Only the Hero4 Black and Silver can make use of Protune when shooting video or stills. The Hero4 Session only has Protune available for video shooting, and the Hero+ LCD lack Protune altogether.
All of these GoPro cameras benefit from Bluetooth connectivity along with built-in Wi-Fi. This means they're compatible with the GoPro App, (which lets you control your camera remotely using a smartphone or tablet, complete with live video), and the optional Smart Remote.
This connectivity is particularly important on the Hero4 Session as you'll be using the GoPro App or the Smart Remote for changing settings, while this can be done directly on the other cameras.
All of these GoPro actioncams use microSD memory cards and require one with a Class 10 or UHS-1 rating. They all support up to a 64 GB capacity and if you're going to be shooting 4K video, make sure you stock up.
Battery life has never been a strong point for GoPro cameras and although shooting time still isn't up there with some competitor cameras, it is getting better. Taking a video mode all of the cameras are capable of (1080p 60 fps without Wi-Fi or LCD), the Hero+ LCD has the longest recording time of 2 hours, followed by and Hero4 Session at 1 hr 45 min and the Hero4 Silver at 1 hr 40 min. The Hero4 Black has an estimated 1 hr 20 min record time.
While users of the GoPro Hero4 Black or Silver always have the option of carrying a spare battery for their action camera, it's worth noting that the batteries of the Hero+ LCD and Session are built-in. It's also worth remembering that the cameras with screens have the potential to chew through batteries that much faster.
These cameras come in at a range of price points, with the Hero+ LCD being the most affordable despite boasting a touchscreen, and the high-end Hero4 Black commanding US$200 extra. However, the Hero4 Session has the potentially most interesting price-tag. Despite having inferior specs to the Hero4 Silver pretty much across the board, and lacking a touchscreen, it sells for the same $400 price. GoPro is really hoping that users are willing to pay a small cube premium.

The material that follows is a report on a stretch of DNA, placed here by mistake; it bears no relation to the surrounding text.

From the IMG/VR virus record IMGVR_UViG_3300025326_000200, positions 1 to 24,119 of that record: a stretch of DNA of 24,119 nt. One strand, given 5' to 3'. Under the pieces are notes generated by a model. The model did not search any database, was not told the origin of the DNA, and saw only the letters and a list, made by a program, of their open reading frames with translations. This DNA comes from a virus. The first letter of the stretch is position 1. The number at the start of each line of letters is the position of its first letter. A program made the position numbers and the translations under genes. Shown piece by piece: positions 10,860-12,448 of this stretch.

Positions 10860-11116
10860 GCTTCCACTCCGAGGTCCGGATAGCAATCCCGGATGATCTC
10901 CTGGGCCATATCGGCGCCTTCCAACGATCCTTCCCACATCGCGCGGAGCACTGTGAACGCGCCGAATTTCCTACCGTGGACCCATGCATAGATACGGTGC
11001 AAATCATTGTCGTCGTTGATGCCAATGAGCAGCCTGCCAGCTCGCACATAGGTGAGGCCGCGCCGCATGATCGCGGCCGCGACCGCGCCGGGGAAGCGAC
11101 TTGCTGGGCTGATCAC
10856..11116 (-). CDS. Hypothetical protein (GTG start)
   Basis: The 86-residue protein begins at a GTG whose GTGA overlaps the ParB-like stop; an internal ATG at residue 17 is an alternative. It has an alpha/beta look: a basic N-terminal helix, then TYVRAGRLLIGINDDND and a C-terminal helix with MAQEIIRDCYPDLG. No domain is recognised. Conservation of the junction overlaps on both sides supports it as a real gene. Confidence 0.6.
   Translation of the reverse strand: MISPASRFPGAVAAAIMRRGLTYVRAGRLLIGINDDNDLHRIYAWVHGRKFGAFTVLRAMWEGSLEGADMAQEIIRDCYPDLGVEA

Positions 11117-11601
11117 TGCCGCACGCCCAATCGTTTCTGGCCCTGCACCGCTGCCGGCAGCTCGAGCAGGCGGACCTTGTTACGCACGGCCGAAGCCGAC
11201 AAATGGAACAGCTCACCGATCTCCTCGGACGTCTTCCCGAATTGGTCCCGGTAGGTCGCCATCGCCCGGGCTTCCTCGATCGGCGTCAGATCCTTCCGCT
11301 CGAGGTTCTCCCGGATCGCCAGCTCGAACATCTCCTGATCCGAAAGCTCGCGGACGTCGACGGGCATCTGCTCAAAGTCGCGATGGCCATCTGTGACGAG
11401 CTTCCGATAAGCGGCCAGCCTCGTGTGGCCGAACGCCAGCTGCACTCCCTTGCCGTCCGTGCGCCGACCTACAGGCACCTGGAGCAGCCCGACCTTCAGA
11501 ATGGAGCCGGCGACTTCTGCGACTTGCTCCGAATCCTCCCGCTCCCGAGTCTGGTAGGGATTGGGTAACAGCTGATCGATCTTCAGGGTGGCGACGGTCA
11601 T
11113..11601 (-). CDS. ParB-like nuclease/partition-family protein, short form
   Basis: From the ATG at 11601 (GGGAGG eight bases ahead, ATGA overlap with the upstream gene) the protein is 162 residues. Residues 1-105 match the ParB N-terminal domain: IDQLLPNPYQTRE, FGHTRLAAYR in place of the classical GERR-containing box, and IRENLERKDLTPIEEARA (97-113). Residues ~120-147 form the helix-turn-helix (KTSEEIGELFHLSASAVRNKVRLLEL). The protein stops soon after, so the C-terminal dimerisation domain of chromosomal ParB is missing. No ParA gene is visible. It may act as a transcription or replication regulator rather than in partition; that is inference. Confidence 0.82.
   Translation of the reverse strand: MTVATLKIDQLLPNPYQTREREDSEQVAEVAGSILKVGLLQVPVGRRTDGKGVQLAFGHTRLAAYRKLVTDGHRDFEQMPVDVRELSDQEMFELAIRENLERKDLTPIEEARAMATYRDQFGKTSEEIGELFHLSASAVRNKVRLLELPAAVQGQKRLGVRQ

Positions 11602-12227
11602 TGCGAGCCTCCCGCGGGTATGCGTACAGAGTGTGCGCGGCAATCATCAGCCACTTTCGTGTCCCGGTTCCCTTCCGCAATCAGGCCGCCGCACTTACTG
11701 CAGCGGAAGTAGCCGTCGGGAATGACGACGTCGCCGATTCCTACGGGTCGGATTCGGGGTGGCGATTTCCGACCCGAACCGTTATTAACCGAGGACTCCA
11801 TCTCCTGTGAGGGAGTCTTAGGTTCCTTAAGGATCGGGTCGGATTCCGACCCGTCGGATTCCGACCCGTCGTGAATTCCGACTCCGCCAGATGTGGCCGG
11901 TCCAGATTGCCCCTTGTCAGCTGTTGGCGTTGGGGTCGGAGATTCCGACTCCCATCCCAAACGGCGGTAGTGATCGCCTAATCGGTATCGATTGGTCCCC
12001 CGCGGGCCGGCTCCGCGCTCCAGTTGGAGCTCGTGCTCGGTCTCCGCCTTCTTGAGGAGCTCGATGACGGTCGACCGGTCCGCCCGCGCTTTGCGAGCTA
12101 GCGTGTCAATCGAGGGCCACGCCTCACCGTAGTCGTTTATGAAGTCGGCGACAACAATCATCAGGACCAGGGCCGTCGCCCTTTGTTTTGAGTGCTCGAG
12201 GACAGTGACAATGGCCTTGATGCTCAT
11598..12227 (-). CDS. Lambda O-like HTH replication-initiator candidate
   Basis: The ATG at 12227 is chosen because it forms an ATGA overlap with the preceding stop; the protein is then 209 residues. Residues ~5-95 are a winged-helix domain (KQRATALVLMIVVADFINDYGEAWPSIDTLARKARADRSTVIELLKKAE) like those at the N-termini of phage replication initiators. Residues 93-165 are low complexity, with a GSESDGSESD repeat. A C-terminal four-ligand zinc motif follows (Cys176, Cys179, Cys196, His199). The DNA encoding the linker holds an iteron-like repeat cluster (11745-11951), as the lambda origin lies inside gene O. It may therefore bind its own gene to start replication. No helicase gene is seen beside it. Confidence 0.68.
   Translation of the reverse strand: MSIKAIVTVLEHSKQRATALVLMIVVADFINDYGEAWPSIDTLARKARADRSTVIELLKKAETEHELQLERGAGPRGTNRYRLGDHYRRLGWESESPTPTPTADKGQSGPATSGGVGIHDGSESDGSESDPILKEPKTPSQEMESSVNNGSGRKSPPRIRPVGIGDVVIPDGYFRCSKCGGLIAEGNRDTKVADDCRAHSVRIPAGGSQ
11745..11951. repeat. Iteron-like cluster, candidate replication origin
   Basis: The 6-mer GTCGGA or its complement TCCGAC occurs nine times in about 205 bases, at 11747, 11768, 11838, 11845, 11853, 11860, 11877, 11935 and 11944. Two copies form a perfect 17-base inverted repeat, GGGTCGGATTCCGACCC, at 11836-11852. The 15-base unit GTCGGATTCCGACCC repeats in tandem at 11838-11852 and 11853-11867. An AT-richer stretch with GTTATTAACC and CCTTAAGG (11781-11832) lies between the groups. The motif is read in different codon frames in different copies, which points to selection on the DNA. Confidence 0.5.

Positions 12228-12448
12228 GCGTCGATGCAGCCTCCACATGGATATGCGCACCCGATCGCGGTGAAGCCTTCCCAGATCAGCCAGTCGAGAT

With the new additions to the 2015 line-up (along with the omitted and suddenly dated-looking basic Hero) GoPro is expanding its offerings. It now has a range of models at a range of prices to appeal to variety of budgets, and with features that could appeal to different users. While some may prioritize the size of their action camera, for others image quality or the ability to use a LCD touchscreen will be the most important factor.
So, if you want a GoPro with the best image quality and the most comprehensive video options, is has to be the Hero4 Black. If you're willing to take a slight hit in the spec department, but save $100 and gain an LCD touchscreen at the same time, there's the Hero4 Silver. If you want a smaller GoPro, and are willing to sacrifice even more on the image quality and video options, the Session is your only option. Meanwhile, the Hero+ LCD is there for people who want a GoPro with a touchscreen on a budget.
Interestingly, we are yet to see a response from GoPro to the influx of action cameras that use built-in sensors or try to make editing clips easier. There's the Garmin VIRB X/XE with their ability to use built-in and external sensors to provide more info about your activity, or the TomTom Bandit, which can automatically edit highlight clips based on sensor information. Maybe we'll see some action in this department when the next flagship GoPro is announced.
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This article previously stated that the GoPro Hero4 Session and Hero+ LCD have 1/2.3-inch sensors – information that had been provided by a PR firm representing GoPro. However, that information has since been found to be incorrect, and the article has been corrected.